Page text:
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Government

Wildfire Resilience, Central Valley Police Funding Due

in Community/Government/News

In a busy legislative week, local Congressman Josh Harder announced some new funding for programs to benefit firefighting efforts and police departments in California.

On Friday, Sept. 23 Representative Harder announced that the Department of the Interior has invested over $7.5 million from the Bipartisan Infrastructure Law to clean 9,969 acres of federal land across California, drastically reducing the risk of catastrophic wildfires. 

Continue reading on Escalon Times

California gas refund payments are arriving soon. See if you’re eligible

in Community/Government/News

Californians who qualify for the state's gas price relief program should start to see their payments in the next few weeks.

The $9.5 billion tax refund will provide one-time payments of up to $1,050. Gov. Gavin Newsom and state lawmakers reached a deal for the refunds back in June, when gas prices were shattering records at or above $7 a gallon.

Continue reading on Newsbreak

Congressional candidates Duarte and Gray face off in public Modesto Bee debate

in Community/Government/News

Brace yourself, and educate yourself.

That’s our advice to voters as campaign season heats up.

Brace, because the November ballot will be long, busy and perhaps confusing. Voters will be asked to choose candidates on all levels of public office — local, state and federal. All will vie with seven statewide propositions for voters’ attention, as anyone with a TV already knows.

Continue reading on Modesto Bee

Relief from water wars in sight at long last for Modesto and Turlock growers

in Agriculture/business/Government

Say you are a business owner being sued in court. You firmly believe you are in the right, but the other side thinks they have a solid legal argument, too.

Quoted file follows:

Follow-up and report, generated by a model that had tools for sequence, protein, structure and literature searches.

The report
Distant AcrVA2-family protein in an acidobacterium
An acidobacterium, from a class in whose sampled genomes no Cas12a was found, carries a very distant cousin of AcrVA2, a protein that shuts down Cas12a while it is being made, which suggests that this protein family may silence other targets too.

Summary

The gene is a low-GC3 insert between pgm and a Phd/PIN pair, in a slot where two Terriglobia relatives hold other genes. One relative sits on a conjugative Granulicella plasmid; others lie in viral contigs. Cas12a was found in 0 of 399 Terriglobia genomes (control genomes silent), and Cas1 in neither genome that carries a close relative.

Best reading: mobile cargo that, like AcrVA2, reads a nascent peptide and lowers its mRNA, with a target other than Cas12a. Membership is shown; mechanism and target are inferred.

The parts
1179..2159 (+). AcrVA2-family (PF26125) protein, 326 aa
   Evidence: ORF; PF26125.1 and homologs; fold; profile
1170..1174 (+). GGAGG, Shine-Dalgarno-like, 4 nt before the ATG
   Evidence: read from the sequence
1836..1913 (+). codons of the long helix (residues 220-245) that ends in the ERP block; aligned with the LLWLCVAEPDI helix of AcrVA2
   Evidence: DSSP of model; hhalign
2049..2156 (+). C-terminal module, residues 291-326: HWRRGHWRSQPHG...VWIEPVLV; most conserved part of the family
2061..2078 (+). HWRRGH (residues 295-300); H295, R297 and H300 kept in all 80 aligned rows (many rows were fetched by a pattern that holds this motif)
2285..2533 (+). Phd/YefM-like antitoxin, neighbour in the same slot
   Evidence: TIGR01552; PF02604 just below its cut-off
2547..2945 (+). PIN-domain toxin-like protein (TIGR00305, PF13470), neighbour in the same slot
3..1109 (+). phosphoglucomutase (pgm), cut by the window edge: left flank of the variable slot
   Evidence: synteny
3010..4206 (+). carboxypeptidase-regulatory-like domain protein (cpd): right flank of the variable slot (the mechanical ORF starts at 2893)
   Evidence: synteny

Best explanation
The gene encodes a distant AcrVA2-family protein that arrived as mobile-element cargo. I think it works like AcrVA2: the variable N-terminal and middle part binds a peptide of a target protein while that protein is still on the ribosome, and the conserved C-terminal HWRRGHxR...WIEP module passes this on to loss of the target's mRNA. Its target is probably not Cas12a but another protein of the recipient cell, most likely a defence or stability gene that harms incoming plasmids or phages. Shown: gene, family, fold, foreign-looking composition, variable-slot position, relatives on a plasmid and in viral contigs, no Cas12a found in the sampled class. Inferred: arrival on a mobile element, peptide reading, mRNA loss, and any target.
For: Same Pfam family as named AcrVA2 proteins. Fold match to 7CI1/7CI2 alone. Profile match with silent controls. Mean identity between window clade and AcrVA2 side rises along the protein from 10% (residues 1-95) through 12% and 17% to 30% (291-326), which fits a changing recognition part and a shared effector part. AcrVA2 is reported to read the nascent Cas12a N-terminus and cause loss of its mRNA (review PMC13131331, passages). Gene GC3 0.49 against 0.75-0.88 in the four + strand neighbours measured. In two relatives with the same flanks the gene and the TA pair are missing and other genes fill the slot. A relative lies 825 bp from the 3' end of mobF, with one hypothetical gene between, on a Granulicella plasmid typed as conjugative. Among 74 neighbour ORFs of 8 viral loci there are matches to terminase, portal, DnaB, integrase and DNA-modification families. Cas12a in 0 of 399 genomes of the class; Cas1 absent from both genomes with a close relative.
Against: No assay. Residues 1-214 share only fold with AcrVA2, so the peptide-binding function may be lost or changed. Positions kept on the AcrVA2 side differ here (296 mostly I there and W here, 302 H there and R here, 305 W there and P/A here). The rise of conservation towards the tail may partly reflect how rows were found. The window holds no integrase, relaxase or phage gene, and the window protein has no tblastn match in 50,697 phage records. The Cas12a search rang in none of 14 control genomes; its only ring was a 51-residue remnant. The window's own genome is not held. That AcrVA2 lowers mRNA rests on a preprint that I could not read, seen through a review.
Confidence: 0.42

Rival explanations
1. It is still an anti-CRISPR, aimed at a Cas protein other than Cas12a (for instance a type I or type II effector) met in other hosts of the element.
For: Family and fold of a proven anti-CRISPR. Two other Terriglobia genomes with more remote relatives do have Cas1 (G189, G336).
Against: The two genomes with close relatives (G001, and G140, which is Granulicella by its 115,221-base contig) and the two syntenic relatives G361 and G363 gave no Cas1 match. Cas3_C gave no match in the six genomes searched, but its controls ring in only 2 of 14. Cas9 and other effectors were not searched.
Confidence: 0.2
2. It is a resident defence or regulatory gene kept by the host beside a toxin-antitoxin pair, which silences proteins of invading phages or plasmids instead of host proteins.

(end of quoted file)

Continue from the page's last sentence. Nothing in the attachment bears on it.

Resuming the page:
The case drags on for years. Finally, you agree to give up something in a settlement.

Continue reading on Modesto Bee

Solar on canals moves closer to reality

in Community/Environment/Government

In February pv magazine reported on Project Nexus, which planned to install solar panels over California canals. Now that project is about to move forward with groundbreaking planned for the fall.

The Turlock Irrigation District (TID) is partnering with the Department of Water Resource (DWR), Solar AquaGrid, and the University of California, Merced in the project funded by the State of California. The project will include energy storage to study how storage facilities can support the local electric grid when solar generation is lowered due to cloud cover.

Continue reading on pv magazine USA

Stanislaus County is spending $50 million on sidewalks, sewer, water. Where is it going?

in Community/Economy/Government

Stanislaus County will distribute $50 million in American Rescue Plan funds unevenly across supervisorial districts to make improvements in county unincorporated pockets that need it most.

County supervisors voted 5-0 to approve the methodology Tuesday evening, giving the largest portion of funding — $16.9 million — to make improvements in Supervisor Channce Condit’s District 5 including Ceres, part of south Modesto and western Stanislaus County.

Continue reading on Modesto Bee